What is a CAT scan used to find?


Quick Answer

CAT scans allow doctors to examine the internal structures of the body, according to MedicineNet.com. For example, a CAT scan of the head can show blood clots, tumors, fractures and infections, while a scan of the spine displays the vertebrae and spinal cord in detail.

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Full Answer

CAT scans are highly accurate, even allowing doctors to evaluate osteoporosis by measuring bone density, reports MedicineNet.com. However, when further detail is needed, contrast dye can be injected into the spinal fluid to display not only the structural relationship of the spinal cord and the spine but also the nerves. CAT scans are used elsewhere in the body to visualize organs, identify tumors and abscesses, and monitor changes caused by physical trauma. They are painless, and their high accuracy allows doctors to perform biopsies, extract fluids and drain abscesses in minimally invasive ways, reducing the need for surgery.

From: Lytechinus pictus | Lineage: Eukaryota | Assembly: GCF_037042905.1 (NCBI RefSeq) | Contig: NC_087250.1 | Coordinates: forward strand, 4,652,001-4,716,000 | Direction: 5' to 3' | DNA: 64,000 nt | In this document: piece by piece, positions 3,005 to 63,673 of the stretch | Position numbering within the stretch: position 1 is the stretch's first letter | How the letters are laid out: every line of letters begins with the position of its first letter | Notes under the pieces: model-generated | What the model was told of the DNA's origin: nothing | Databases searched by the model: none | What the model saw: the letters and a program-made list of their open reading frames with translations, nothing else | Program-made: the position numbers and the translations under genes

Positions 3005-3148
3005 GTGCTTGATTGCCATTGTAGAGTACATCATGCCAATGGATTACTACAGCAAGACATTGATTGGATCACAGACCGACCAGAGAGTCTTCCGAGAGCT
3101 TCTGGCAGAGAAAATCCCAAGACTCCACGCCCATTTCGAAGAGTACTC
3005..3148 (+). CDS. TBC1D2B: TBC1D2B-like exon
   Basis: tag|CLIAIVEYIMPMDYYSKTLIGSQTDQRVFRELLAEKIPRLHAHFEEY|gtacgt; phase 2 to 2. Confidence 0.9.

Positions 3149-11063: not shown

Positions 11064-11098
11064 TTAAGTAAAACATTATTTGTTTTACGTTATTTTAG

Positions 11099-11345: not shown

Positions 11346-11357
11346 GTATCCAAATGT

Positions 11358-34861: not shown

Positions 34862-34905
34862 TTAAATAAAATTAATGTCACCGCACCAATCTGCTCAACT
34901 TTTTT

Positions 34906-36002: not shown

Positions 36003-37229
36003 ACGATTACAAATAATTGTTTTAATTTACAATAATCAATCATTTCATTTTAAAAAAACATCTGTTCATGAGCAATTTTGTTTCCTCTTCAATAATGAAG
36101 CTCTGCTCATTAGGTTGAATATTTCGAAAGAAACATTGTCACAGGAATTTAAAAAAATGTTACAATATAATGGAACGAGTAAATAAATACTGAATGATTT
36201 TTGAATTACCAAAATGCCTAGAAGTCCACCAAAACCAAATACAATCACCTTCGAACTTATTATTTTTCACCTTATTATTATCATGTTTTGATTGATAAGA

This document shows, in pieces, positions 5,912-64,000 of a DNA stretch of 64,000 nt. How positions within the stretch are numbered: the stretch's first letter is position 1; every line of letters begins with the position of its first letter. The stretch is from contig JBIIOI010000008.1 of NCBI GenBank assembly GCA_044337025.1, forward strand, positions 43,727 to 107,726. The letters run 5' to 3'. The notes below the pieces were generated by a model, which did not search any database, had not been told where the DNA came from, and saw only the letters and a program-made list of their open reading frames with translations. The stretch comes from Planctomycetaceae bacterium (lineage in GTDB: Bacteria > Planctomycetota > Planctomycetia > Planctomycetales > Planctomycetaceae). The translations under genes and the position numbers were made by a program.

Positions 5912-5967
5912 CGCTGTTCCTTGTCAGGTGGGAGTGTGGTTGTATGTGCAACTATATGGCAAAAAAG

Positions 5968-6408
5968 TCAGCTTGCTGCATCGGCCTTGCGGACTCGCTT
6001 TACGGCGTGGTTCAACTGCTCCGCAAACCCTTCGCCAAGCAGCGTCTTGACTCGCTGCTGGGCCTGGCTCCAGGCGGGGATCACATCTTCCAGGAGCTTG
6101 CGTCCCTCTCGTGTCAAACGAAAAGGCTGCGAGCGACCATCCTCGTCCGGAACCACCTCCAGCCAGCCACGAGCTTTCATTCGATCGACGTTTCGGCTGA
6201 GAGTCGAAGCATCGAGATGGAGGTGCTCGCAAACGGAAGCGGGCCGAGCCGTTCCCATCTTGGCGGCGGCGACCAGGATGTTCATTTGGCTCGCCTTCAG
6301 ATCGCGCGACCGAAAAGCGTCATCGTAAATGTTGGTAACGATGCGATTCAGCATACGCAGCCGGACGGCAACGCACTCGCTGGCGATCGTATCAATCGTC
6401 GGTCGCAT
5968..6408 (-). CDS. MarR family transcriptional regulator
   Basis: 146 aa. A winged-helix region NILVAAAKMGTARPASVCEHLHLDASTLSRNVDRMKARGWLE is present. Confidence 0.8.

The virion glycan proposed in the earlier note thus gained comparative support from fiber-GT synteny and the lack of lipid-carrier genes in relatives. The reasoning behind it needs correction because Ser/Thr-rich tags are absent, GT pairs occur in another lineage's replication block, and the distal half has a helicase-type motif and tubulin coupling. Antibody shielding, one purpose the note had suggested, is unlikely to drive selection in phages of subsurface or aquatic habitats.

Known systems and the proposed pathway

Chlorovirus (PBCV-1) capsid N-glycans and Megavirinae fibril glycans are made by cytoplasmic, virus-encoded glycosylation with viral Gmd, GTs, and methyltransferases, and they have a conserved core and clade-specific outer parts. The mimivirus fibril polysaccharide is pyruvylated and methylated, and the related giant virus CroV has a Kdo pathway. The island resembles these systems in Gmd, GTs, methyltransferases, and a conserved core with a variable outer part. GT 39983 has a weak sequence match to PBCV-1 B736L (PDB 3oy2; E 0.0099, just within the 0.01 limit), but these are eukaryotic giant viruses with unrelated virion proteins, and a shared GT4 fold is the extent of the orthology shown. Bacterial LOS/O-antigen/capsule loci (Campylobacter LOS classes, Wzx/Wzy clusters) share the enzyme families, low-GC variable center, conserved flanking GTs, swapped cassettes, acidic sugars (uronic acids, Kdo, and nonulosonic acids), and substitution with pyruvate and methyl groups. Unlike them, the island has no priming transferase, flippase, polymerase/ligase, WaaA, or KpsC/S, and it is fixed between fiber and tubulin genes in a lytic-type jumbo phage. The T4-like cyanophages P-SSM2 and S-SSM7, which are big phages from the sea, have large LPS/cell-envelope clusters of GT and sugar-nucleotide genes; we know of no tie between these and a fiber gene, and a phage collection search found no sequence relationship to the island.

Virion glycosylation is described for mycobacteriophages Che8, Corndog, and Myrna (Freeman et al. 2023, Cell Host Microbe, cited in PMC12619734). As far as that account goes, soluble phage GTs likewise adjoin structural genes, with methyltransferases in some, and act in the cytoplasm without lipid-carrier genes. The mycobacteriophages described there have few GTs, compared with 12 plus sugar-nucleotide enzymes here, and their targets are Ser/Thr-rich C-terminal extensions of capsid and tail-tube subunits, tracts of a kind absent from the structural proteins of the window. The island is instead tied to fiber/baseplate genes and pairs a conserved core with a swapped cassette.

CAT scans are very low-risk, according to MedicineNet.com. The most common problem is an allergy to the contrast dye, which usually manifests as itching, burning and hives. The reaction passes quickly on its own, but a patient in extreme discomfort can use antihistamines to alleviate symptoms. The amount of radiation used in a CAT scan is minor, but it may harm a fetus, so pregnant women may want to find an alternative.

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